I started to notice a strong mix of girls in the stereotypically male dominated crowd. I witnessed a Guardians of the Galaxy themed family, a Wolverine themed father who brought two pre-teens dressed as Domino and Psylocke, and a gang of girls in elaborate steampunk Victorian gowns, walking in a “Mean Girls” V formation and turning the heads of every teen boy scouring the boxes of back issues.
“You got any Deadpool?” demanded two girls who wore flannel shirts and cardboard cutout masks. I hooked them up with some copies and thought about these girls in the back of history class reading about a taco-eating, sword-wielding maniac while the other girls were trying to read fashion magazines. If you want to get the boys, I pondered, read comics.
Then I realized I had to correct my inner monologue.
These girls weren’t trying to get the boys by diving into the pool of comics. These girls just loved comics and didn’t care who knew.
I looked around the convention floor. Every girl and woman in costume was not showing off their bodies, or peacocking to dominate other girls, they were just being themselves and having fun. Some of these costumes were really elaborate, showing off an artistic mastery of mixed media that could encompass an entire degree program at an art or fashion school. The mechanical attributes or gimmicks required some serious engineering and organization. And as each was put on the spot by folks like me, or local press covering the event, or other cosplayers, they were reporters and public speakers and salepeople pitching their costumes and sharing their accomplishment.
These women and girls, in the middle of what the Big Bang Theory might stereotype as a festival of introverts and social outcasts, were the most confident people I had ever met. Just being themselves and happy with who they were.
As the show wore on, I kept seeing guys looking at these girls, and staring at their feet. “Just say it,” I kept wanting to whisper to them, “all you have to say is ‘great costume’ and they’ll talk to you.” But alas, the boys just didn’t get it. It was easier to stand head down by a table than to talk to a girl dressed as Boba Fett who was already putting herself in a much more self-conscious situation by wearing spandex and not being shaped like Brooklyn Decker.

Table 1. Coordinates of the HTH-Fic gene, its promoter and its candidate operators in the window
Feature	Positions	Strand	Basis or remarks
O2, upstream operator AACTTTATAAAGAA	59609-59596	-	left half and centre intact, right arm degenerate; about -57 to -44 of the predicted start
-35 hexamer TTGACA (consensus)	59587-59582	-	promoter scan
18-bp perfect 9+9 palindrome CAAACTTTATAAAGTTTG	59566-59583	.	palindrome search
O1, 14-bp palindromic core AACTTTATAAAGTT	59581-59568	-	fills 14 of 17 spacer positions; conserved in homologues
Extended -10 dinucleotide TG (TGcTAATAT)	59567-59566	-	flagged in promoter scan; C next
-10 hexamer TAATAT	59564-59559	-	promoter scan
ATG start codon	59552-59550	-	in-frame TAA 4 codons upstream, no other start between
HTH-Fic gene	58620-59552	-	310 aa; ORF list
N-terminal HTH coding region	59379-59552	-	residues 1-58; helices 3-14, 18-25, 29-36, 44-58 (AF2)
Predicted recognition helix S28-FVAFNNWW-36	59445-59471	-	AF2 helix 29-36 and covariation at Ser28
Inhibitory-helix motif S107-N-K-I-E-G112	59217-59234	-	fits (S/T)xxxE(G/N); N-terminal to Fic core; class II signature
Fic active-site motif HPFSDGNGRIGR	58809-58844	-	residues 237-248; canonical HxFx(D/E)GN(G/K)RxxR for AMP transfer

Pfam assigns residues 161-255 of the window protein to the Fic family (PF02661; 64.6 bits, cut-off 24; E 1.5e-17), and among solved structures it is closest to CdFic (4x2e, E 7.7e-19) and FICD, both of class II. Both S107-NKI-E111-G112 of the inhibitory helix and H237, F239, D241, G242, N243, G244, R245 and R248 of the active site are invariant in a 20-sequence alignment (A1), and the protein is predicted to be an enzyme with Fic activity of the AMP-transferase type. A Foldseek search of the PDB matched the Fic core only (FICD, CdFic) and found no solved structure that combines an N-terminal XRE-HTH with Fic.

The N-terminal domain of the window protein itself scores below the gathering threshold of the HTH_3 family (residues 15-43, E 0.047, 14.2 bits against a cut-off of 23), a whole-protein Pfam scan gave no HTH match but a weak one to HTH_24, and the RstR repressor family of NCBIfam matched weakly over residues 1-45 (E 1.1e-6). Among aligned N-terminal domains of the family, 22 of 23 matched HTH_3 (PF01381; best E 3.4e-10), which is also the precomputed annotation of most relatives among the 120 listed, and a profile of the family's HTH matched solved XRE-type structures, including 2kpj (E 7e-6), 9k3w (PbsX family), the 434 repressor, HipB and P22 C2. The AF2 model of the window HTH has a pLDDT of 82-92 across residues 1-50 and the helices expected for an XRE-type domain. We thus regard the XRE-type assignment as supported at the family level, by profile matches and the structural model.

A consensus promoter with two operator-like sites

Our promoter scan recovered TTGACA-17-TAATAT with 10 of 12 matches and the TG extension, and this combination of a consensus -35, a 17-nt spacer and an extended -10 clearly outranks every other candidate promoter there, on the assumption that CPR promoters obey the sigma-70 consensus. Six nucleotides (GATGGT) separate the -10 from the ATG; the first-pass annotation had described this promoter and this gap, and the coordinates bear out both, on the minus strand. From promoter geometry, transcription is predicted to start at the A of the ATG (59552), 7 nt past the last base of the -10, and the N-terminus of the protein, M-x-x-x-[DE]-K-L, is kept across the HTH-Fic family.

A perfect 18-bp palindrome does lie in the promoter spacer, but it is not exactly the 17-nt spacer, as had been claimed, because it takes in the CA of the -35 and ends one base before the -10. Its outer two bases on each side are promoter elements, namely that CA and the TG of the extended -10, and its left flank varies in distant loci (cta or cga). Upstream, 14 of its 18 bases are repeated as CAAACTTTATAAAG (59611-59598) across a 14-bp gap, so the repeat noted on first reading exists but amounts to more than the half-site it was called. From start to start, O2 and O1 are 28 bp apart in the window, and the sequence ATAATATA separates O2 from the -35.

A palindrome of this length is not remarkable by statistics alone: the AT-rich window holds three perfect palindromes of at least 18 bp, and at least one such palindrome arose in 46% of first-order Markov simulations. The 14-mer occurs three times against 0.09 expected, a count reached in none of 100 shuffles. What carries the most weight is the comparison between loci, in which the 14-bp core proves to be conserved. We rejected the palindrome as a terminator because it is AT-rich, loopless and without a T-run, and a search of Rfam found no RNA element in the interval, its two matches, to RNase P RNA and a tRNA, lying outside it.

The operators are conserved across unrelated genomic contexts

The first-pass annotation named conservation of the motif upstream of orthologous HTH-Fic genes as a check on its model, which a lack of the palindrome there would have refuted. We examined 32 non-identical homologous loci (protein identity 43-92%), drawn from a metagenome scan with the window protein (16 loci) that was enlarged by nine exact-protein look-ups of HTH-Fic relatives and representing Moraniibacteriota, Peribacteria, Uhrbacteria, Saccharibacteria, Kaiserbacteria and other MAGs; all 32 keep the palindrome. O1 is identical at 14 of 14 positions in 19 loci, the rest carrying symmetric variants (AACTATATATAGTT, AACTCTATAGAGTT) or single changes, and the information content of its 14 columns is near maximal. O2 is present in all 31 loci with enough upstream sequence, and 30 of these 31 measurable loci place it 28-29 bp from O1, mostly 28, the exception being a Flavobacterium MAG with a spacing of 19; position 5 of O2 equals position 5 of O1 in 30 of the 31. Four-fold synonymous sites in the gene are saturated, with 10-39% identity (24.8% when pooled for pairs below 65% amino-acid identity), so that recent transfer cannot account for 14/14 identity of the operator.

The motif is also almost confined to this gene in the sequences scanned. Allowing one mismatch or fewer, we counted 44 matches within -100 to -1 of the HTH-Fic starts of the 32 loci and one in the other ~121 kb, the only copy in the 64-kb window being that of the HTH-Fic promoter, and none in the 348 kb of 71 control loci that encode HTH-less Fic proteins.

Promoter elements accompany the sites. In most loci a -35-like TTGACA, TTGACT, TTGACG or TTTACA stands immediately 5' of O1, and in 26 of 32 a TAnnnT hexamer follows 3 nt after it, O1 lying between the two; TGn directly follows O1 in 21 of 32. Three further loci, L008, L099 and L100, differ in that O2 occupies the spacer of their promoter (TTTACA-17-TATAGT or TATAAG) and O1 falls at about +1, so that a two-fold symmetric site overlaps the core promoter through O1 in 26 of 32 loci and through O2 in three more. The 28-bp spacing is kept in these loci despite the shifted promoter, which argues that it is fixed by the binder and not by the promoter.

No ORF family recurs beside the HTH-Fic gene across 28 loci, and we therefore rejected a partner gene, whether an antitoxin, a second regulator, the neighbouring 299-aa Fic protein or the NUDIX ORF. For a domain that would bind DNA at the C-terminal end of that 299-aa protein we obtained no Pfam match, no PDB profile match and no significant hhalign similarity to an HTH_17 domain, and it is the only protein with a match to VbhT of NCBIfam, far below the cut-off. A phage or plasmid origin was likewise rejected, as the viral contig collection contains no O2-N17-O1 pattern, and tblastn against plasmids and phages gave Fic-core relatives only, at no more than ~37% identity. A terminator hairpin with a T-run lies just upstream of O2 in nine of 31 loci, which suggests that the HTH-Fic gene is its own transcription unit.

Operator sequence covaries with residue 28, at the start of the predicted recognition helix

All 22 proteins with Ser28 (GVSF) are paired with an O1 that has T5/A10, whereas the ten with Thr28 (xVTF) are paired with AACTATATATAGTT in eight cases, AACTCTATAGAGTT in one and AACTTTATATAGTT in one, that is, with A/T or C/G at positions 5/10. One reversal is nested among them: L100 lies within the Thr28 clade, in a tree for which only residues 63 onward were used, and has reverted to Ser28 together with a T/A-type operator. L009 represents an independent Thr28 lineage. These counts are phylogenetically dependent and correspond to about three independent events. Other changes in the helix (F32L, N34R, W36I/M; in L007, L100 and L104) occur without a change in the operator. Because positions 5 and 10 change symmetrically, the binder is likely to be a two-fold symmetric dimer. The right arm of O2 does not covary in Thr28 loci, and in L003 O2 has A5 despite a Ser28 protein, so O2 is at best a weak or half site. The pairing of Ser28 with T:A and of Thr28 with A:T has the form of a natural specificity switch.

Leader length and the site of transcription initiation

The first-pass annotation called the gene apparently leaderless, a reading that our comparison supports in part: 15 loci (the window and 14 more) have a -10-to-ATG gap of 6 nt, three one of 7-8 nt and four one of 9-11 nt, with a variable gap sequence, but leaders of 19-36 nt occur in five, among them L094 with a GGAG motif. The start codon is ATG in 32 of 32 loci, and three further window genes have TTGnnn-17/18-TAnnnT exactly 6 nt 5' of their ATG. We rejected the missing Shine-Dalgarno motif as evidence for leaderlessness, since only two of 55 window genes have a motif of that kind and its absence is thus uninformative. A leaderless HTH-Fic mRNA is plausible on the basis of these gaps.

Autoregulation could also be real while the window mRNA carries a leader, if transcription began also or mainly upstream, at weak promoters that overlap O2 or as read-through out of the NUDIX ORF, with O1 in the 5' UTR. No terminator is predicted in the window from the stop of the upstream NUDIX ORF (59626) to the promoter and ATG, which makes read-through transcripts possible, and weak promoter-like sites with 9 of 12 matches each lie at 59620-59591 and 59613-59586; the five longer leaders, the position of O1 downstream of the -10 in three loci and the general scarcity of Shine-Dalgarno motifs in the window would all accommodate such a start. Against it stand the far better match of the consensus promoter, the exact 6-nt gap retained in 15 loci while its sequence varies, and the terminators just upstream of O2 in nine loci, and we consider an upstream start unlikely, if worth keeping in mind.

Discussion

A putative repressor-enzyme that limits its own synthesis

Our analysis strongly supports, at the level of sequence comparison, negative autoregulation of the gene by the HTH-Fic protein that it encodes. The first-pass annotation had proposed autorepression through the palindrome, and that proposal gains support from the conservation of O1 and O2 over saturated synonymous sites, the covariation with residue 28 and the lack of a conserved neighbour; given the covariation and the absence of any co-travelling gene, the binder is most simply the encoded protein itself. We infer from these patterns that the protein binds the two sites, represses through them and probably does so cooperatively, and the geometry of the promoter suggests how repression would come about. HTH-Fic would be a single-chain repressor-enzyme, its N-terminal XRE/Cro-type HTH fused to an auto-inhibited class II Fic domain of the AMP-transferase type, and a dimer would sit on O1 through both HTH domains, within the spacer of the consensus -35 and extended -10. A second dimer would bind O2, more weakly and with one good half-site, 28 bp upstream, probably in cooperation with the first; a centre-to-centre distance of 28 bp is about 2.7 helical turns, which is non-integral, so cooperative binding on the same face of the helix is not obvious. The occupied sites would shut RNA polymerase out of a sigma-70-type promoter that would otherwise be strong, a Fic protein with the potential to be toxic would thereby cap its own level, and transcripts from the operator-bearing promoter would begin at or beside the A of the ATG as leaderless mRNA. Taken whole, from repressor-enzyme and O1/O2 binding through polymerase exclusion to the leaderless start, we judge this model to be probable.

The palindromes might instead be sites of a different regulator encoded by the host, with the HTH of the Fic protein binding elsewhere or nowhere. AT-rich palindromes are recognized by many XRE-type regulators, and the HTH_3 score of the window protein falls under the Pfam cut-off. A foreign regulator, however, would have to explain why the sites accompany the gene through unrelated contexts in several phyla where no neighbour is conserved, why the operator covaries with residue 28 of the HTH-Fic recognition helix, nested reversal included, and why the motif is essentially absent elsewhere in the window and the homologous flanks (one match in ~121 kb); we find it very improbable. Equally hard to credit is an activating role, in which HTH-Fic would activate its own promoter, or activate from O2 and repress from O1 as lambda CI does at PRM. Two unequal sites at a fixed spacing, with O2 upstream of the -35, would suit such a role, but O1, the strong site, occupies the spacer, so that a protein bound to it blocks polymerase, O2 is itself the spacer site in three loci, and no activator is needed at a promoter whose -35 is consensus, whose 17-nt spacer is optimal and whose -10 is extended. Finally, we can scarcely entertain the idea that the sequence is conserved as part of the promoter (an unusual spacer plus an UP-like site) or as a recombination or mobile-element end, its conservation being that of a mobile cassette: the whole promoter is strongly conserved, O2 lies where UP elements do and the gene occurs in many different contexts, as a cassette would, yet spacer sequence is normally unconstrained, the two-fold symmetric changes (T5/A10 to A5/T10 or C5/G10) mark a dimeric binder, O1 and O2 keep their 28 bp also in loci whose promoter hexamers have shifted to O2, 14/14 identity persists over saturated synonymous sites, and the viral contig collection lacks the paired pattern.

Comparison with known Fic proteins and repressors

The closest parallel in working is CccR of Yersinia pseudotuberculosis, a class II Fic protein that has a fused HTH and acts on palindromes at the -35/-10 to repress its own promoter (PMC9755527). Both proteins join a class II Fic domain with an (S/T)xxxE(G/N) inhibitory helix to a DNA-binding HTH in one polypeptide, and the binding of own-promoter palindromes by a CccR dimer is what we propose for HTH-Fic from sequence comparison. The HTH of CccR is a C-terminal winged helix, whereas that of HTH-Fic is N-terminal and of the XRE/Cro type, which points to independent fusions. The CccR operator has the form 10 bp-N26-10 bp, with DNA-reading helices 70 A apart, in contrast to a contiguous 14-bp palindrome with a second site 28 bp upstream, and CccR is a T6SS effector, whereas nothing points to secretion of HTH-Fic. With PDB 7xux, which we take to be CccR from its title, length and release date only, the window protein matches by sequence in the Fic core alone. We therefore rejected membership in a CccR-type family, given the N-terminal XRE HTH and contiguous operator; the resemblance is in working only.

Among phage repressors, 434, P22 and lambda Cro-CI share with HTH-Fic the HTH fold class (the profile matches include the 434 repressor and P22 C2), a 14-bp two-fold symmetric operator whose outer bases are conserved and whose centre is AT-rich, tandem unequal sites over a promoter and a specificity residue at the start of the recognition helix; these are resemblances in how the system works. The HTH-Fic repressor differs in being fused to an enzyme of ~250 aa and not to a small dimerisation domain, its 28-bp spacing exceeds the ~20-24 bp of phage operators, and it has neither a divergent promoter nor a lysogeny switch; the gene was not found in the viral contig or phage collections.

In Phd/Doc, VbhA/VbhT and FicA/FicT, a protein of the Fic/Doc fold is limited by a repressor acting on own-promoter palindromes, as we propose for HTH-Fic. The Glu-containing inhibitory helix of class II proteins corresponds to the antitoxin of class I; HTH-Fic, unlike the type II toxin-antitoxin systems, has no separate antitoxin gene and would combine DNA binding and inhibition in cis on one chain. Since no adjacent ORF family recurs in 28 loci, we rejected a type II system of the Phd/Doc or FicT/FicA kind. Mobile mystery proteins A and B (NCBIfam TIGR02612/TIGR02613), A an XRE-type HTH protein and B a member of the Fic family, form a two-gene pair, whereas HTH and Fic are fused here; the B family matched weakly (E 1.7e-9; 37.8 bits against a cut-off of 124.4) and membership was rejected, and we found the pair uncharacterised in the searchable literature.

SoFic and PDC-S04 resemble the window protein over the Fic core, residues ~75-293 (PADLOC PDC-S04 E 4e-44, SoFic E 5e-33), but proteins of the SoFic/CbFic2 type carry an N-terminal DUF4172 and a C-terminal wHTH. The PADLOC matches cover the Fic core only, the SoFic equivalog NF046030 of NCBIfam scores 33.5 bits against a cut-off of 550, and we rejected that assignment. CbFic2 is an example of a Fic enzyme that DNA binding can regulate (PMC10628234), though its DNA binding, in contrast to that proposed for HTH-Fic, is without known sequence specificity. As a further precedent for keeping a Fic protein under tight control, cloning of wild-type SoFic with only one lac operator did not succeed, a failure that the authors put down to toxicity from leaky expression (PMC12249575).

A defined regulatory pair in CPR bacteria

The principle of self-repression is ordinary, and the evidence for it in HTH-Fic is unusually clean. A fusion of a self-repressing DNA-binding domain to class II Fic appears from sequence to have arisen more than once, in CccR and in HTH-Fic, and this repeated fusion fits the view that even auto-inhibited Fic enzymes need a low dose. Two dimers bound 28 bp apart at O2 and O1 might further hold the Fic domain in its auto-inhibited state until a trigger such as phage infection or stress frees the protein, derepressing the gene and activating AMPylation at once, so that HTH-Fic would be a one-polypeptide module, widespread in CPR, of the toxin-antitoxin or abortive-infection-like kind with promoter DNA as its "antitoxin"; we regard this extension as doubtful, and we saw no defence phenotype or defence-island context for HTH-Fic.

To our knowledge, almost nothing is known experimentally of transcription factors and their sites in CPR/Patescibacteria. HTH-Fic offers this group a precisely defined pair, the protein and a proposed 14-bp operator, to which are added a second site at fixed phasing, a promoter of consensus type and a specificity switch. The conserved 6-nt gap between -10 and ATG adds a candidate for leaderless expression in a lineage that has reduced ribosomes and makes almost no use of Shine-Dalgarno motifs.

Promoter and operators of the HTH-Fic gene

If these women, the cosplayers, could just let the boys know that it’s okay to believe in yourself and put yourself out there, maybe there would be a lot less lonely people, people with little or no friends in school, adults who shut themselves in at home instead of going out and interacting. Maybe, these people would learn that the world is a bright place where heroes really do walk among us, and that sometimes being a hero is as simple as dressing like Sif.
At the end of the show, they handed out the awards for best costume. While there was a technical winner, one of the finalists was a guy with stomach paunch in spandex, and a giant foam headdress he created. His costume? Powdered Toast Man from Ren and Stimpy. Everyone who met him during the day gave him a high five, or “I love your costume” accolade. I saw him take of the mask, and he was smiling from ear to ear.
And I was smiling too, knowing that the lesson I had learned and observed from the women of cosplay was already in action.